WHAT HE CAN BRING TO THE WOLVES

Len is the type of big man that would fit on most teams. He’s got the size to contest shots and protect the rim, he has the footwork to play strong defense and he has the capability on the offensive end to score and feed the perimeter. He understands that rim protection and running the floor are the two primary needs for most NBA teams out of a young center, and he’s prepared to continue working on his offensive game as he matures in the league. He played in the ACC, so he’s very well used to playing in hostile environments, and he reacts off the pick-and-roll well for a player who, if he lands in Minnesota, would be fielding passes from Ricky Rubio.

Minnesota Timberwolves All-Time Draft Picks

Year
Player
Pos.
School
Rd / Pick
Ht / Wt
Class
2012
Robbie Hummel
F
Purdue
2 / 58
6'8" / 215
Sr
2011
Derrick Williams
F
Arizona
1 / 2
6'8" / 248
So

Donatas Motiejunas
F/C
Italy
1 / 20
7'0" / 222
Int'l
2010
Wesley Johnson
G/F
Syracuse
1 / 4
6'7" / 215
Jr
Luke Babbitt
F
Nevada
1 / 16
6'9" / 225
So
Trevor Booker
F
Clemson
1 / 23
6'8" / 240
Sr
Paulo Prestes
C
Brazil
2 / 45
6'11" / 260
Int'l
Hamady Ndiaye
C
Rutgers
2 / 56
7'0" / 235
Sr
2009
Ricky Rubio
G
Spain
1 / 5
6'4" / 180
Int'l

Jonny Flynn
G
Syracuse
1 / 6
6'0" / 185
So

Ty Lawson
G
North Carolina
1 / 18
5'11" / 195
Jr

Wayne Ellington
G
North Carolina
1 / 28
6'4" / 200
Jr

Nick Calathes
G
Florida
2 / 45
6'6" / 194
So

Henk Norel
F
Netherlands
2 / 47
6'10" / 230
Int'l
2008
OJ Mayo
G
USC
1 / 3
6'4" / 200
Fr
Nikola Pekovic
C
Montenegro
2 / 31
6'11" / 265
Int
Mario Chalmers
G
Kansas
2 / 34
6'1" / 190
Jr
2007
Corey Brewer
F
Florida
1 / 7
6'9" / 185
Jr

Chris Richard
F
Florida
2 / 41
6'9" / 255
Sr
2006
Brandon Roy
G
Washington
1 / 6
6'6" / 215
Sr

Craig Smith
F
Boston College
2 / 36
6'7" / 250
Sr

Bobby Jones
F
Washington
2 / 37
6'7" / 215
Sr

Loukas Mavrokefalidis
F
Greece
2 / 57
6'11" / 260
Int'l
2005
Rashad McCants
G
North Carolina
1 / 14
6'4" / 207
Jr

Bracey Wright
G
Indiana
2 / 47
6'3" / 210
Jr
2004
Blake Stepp
G
Gonzaga
2 / 58
6'4" / 194
Sr
2003
Ndudi Ebi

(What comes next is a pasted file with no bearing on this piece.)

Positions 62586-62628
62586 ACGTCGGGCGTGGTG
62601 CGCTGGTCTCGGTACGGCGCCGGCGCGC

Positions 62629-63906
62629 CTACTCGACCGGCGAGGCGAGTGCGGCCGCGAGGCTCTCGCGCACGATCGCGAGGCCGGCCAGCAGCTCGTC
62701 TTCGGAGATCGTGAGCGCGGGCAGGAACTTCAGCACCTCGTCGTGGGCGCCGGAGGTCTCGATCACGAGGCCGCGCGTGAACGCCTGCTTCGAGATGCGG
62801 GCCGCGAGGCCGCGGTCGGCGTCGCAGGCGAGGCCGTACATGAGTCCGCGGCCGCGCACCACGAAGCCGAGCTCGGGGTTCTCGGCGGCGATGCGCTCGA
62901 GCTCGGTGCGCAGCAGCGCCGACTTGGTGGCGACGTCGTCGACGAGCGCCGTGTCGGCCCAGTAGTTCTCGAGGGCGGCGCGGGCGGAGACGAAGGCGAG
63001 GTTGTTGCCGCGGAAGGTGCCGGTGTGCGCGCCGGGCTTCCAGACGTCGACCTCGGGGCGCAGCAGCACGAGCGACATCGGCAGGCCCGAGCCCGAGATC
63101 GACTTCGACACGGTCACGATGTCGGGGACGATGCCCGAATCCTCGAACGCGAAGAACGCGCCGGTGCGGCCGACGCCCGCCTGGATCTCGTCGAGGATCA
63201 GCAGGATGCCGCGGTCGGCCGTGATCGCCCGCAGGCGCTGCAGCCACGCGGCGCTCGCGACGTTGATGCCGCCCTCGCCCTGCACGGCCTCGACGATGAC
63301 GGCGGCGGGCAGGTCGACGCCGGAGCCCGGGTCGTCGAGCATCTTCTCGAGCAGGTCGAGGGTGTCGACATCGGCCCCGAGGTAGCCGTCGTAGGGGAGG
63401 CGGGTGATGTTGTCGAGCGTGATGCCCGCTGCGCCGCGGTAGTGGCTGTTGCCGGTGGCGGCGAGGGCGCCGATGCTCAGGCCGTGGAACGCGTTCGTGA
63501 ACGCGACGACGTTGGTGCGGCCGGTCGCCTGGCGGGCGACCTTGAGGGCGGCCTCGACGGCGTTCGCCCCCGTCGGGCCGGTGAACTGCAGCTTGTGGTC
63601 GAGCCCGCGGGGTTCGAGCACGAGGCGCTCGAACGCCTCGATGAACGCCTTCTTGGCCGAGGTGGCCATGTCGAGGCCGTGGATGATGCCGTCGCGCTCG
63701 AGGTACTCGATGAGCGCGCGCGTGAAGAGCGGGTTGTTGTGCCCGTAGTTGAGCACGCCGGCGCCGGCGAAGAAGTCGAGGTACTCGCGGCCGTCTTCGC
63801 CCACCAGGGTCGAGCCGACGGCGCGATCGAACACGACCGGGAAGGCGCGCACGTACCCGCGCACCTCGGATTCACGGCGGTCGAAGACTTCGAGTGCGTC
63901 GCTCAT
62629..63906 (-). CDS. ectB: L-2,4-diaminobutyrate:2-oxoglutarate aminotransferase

F
Westbury Christian H.S.
1 / 26
6'9" / 195
HS

Rick Rickert
F
Minnesota
2 / 55
6'11" / 215
So
2002
Marcus Taylor
G
Michigan State
2 / 52
6'3" / 195
So
2001
Loren Woods
C
Arizona
2 / 46
7'1" / 245
Sr
2000
Igor Rakocevic
G
Yugoslavia
2 / 51
6'2" / 184
Int
1999
Wally Szczerbiak
F
Miami (Ohio)
1 / 6
6'7" / 244
Sr

William Avery
G
Duke
1 / 14
6'2" / 180
So

Louis Bullock
G
Michigan
2 / 42
6'2" / 180
Sr
1998
Rasho Nesterovic
C
Slovenia
1 / 17
7'0" / 248
Int

Andrae Patterson
F
Indiana
2 / 46
6'9" / 240
Sr
1997
Paul Grant
C
Wisconsin
1 / 20
7'0" / 245
Sr

Gordon Malone
F
West Virginia
2 / 44
6'11" / 215
Jr
1996
Ray Allen
G
Connecticut
1 / 5
6'5" / 205
Jr
1995
Kevin Garnett
F
Farragut Academy H.S.
1 / 5
6'11" / 220
HS

Mark Davis
F
Texas Tech
2 / 48
6'7" / 210
Sr

Jerome Allen
G
Pennsylvania
2 / 49
6'4" / 184
Sr
1994
Donyell Marshall
F
Connecticut
1 / 4
6'9" / 220
Jr

Howard Eisley
G
Boston College
2 / 30
6'3" / 180
Sr
1993
Isaiah Rider
G
UNLV
1 / 5
6'5" / 215
Sr

Sherron Mills
F
Virginia Commonwealth
2 / 29
6'9"
Sr
1992
Christian Laettner
F
Duke
1 / 3
6'11" / 235
Sr

Marlon Maxey
F
UTEP
2 / 28
6'8" / 250
Sr

Chris Smith
G
Connecticut
2 / 34
6'3" / 191
Sr

Tim Burroughs
F
Jacksonville
2 / 51
6'8"
Sr
1991
Luc Longley
C
New Mexico
1 / 7
7'2" / 265
Sr/Int

Myron Brown
G
Slippery Rock
2 / 34
6'3" / 180
Sr
1990
Felton Spencer
C
Louisville
1 / 6
7'0" / 265
Sr

Gerald Glass
G
Mississippi
1 / 20
6'6" / 221
Sr
1989
Pooh Richardson
G
UCLA
1 / 10
6'1" / 186
Sr

Gary Leonard
C
Missouri
2 / 34
7'1" / 246
Sr

Doug West
G
Villanova
2 / 38
6'6" / 200
Sr